The Orioles will not trade shortstop Miguel Tejada, FOXSports.com has learned.
The Astros, Angels and Rangers all made substantial offers for Tejada, a major-league official says, but the Orioles were not motivated enough to make a deal.
The Orioles rejected at least one blockbuster trade — Tejada for Astros right-hander Roy Oswalt, shortstop Adam Everett and a third player.
They also could have sent Tejada to the Angels for right-hander Ervin Santana and Triple-A shortstop Erick Aybar.
Either deal could have changed the direction of the Orioles' franchise, but owner Peter Angelos refused to approve any trade involving Tejada, a decision that is certain to be second-guessed.
The Astros, major-league sources say, are steamed that Angelos apparently quashed the original Oswalt-Tejada deal as well as several revised proposals.
But there may have been another issue.
The Astros, one major-league executive says, feared that the Orioles would flip Oswalt, their most prized acquisition for Tejada, to Houston's cross-state rival, the Texas Rangers.
A National League executive says the Astros "knew all along" that the Orioles were trying to flip Oswalt. However, the executive says that the Orioles indiscreetly shopped all of the players that the Astros offered them to other clubs, calling it "no way to do business."
The protocol in such matters is unclear.
Other executives say that if the Astros knew the Orioles were pursuing other deals, they are in no position to be upset; teams frequently engage in such practices, and not all are upfront with their intentions.
The Orioles apparently intended to trade Oswalt to the Rangers for third baseman Hank Blalock, Triple-A shortstop Joaquin Arias and one of the Rangers' top three pitching prospects — left-hander John Danks, right-hander Thomas Diamond or right-hander Edison Volquez.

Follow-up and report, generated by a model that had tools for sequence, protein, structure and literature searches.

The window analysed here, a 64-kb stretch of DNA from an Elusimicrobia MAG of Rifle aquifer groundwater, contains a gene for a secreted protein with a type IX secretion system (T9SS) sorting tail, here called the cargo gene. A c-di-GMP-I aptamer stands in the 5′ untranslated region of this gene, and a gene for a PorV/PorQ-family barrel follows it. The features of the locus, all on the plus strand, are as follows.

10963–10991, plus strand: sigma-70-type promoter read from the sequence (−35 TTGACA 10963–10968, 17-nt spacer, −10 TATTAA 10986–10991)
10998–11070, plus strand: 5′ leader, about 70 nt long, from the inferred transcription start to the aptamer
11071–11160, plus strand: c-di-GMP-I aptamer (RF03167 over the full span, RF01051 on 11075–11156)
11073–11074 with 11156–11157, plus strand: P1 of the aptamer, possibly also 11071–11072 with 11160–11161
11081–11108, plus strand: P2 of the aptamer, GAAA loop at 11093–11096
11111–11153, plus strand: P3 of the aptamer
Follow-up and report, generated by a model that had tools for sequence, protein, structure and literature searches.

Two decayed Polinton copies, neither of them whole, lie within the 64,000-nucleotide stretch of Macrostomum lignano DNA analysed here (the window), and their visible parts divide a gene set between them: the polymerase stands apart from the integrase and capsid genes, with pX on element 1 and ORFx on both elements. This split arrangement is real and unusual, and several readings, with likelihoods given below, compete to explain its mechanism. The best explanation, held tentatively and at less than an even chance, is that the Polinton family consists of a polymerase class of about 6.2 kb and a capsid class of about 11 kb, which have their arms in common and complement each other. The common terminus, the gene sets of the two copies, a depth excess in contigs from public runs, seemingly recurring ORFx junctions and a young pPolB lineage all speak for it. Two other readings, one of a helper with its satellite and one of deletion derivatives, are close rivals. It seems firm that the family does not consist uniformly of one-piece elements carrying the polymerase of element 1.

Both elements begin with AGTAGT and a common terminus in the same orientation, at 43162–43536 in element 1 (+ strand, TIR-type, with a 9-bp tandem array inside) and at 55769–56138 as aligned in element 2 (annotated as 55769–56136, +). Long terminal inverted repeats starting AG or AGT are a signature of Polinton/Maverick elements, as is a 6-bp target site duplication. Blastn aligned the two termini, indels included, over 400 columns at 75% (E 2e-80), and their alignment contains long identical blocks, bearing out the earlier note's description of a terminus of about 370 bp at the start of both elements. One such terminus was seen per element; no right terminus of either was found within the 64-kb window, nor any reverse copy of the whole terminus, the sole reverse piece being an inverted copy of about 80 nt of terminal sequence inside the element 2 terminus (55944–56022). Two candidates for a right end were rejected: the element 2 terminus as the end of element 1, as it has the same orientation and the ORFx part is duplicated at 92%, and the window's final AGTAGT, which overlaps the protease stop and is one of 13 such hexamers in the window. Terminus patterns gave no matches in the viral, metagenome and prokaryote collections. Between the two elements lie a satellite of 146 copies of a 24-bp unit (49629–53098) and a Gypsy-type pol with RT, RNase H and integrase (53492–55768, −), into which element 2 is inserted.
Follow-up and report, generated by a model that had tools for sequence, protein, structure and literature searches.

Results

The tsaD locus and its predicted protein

They also would have ended up with two other players from the Astros — Everett and possibly third baseman Morgan Ensberg — effectively making the deal a 5-for-1 for Tejada.
Presumably, the Orioles then would have spun one of the third basemen, Blalock or Ensberg, or moved one of them to first, while moving their current third baseman, Melvin Mora, back to the outfield.
At one point Sunday, the Rangers appeared to be closing in on a trade for Phillies right-hander Jon Lieber, but were diverted by their pursuit of Oswalt.
For the Astros, losing Oswalt to the Rangers could have been a public-relations nightmare, evoking memories of when Nolan Ryan went from Houston to Texas. The Astros had similar concerns when Roger Clemens was courted by the Rangers as a free agent last spring.
However, a second NL executive says the Astros would have been less concerned about Oswalt going to the Rangers than their biggest NL Central rival, the Cardinals.
The Astros' inclusion of Oswalt in the Tejada discussions likely will shock the team's fans, but this probably will not be the last time Oswalt's name surfaces in trade discussions.
Oswalt, 28, is a free agent after the 2007 season. He is expected to seek a contract of at least five years. And his injury history and slight, 6-foot, 185-pound frame make him a long-term risk.